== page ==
June 6, 2019 (Phys.org) -- A new Tel Aviv University study finds a mechanism exhibited in nematodes that allows the nervous system cells -- neurons -- to communicate with germ cells, the cells that contain the information (genetic and epigenetic) that is transmitted to future generations. The research identifies the mode by which neurons transmit messages to these future generations.
Nematodes, worms found in virtually all environmental habitats, are among the most studied model organisms. They reproduce quickly and their genome contains nearly the same number of genes as the human genome.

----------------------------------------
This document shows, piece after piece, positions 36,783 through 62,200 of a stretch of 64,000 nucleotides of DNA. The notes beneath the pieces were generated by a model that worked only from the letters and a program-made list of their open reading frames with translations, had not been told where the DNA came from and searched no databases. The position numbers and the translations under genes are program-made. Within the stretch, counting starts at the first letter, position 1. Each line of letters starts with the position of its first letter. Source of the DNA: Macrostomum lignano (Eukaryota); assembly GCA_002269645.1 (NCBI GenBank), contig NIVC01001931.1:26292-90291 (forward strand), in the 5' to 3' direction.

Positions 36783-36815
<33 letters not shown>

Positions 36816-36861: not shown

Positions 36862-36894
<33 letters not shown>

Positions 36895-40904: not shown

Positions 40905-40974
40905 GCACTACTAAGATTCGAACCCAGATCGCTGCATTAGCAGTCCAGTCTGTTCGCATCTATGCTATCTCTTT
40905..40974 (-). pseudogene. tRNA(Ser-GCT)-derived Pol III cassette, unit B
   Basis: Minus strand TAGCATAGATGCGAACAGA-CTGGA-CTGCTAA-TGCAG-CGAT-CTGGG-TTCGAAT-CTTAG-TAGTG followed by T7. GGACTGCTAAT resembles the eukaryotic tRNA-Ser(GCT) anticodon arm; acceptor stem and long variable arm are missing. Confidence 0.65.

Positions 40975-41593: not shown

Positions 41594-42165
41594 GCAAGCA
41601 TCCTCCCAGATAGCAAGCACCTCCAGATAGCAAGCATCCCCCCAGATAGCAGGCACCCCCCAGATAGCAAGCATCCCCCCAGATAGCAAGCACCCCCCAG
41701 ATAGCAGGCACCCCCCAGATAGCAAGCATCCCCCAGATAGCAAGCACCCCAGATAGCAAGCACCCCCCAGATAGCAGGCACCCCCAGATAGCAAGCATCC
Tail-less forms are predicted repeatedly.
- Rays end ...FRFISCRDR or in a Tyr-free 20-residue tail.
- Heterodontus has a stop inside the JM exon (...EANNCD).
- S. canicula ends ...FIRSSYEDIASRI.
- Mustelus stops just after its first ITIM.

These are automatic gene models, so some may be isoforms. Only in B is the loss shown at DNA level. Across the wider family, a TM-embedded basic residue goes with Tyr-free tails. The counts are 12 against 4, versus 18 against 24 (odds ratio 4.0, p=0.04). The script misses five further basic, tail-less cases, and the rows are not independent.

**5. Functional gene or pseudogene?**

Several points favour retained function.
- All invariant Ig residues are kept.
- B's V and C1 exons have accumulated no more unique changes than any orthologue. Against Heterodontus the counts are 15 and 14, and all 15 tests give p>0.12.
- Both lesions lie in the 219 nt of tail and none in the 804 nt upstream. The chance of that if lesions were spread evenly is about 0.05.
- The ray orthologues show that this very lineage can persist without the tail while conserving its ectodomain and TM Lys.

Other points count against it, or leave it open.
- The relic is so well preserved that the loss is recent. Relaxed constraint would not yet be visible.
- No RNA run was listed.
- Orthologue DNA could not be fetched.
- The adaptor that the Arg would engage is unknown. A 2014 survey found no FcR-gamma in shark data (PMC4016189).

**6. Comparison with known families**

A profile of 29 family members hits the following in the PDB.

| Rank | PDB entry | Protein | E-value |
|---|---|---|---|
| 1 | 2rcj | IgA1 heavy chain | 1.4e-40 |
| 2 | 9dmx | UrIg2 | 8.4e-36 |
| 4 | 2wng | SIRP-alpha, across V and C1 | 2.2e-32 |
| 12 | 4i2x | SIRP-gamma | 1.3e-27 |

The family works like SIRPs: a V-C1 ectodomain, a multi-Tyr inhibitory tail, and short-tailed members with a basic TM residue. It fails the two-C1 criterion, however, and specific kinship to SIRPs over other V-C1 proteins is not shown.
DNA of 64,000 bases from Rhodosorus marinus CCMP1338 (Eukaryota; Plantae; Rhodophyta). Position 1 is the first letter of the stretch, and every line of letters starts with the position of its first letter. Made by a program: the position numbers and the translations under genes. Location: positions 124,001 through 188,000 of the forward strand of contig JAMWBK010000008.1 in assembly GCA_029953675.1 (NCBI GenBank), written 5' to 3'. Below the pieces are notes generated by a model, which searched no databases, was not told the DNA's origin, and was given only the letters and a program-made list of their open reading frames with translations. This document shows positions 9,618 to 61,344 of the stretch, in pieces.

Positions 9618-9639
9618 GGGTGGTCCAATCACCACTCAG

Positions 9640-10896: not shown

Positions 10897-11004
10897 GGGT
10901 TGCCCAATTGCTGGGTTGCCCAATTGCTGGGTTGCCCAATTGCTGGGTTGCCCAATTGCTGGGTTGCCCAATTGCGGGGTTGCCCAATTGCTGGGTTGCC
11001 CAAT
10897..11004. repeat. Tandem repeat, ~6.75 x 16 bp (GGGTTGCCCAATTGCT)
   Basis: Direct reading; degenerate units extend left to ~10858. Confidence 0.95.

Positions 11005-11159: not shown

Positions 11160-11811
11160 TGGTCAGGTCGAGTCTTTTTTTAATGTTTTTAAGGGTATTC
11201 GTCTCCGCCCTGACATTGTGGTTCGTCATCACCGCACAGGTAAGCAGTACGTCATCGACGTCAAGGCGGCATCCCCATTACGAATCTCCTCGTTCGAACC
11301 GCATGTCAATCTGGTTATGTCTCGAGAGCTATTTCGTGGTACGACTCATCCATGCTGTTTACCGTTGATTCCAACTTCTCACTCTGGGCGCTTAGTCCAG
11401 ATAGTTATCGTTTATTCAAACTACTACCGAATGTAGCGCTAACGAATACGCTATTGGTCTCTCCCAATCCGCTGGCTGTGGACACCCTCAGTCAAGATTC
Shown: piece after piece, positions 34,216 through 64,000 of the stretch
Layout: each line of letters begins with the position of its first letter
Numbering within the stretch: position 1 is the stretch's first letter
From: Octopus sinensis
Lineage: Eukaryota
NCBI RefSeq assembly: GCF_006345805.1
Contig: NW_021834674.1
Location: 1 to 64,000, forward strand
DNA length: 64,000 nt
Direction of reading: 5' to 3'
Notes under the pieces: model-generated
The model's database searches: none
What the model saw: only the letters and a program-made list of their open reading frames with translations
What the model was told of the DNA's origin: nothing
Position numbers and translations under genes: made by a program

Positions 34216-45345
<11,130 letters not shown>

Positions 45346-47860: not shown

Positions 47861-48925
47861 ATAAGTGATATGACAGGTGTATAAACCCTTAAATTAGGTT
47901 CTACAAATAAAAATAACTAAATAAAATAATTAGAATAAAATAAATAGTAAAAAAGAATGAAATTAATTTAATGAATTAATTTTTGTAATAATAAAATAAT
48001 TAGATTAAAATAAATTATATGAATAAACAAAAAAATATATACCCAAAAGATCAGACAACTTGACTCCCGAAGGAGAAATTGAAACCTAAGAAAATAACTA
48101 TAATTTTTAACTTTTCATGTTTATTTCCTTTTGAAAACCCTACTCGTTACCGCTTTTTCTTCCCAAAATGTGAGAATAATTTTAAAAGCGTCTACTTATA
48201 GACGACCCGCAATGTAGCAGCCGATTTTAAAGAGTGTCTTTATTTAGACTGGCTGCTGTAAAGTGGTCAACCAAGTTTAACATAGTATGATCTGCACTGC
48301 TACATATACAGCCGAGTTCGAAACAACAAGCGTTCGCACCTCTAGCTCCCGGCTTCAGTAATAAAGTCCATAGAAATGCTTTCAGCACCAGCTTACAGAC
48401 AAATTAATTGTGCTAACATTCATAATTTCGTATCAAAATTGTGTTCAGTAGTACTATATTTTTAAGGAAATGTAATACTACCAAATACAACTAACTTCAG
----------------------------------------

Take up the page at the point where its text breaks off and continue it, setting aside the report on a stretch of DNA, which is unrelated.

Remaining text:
The study was led by Prof. Oded Rechavi of TAU's George S. Wise Faculty of Life Sciences and Sagol School of Neuroscience and was published in Cell on June 6.
"The mechanism is controlled by small RNA molecules, which regulate gene expression," says Prof. Rechavi. "We found that small RNAs convey information derived from neurons to the progeny and influence a variety of physiological processes, including the food-seeking behavior of the progeny.
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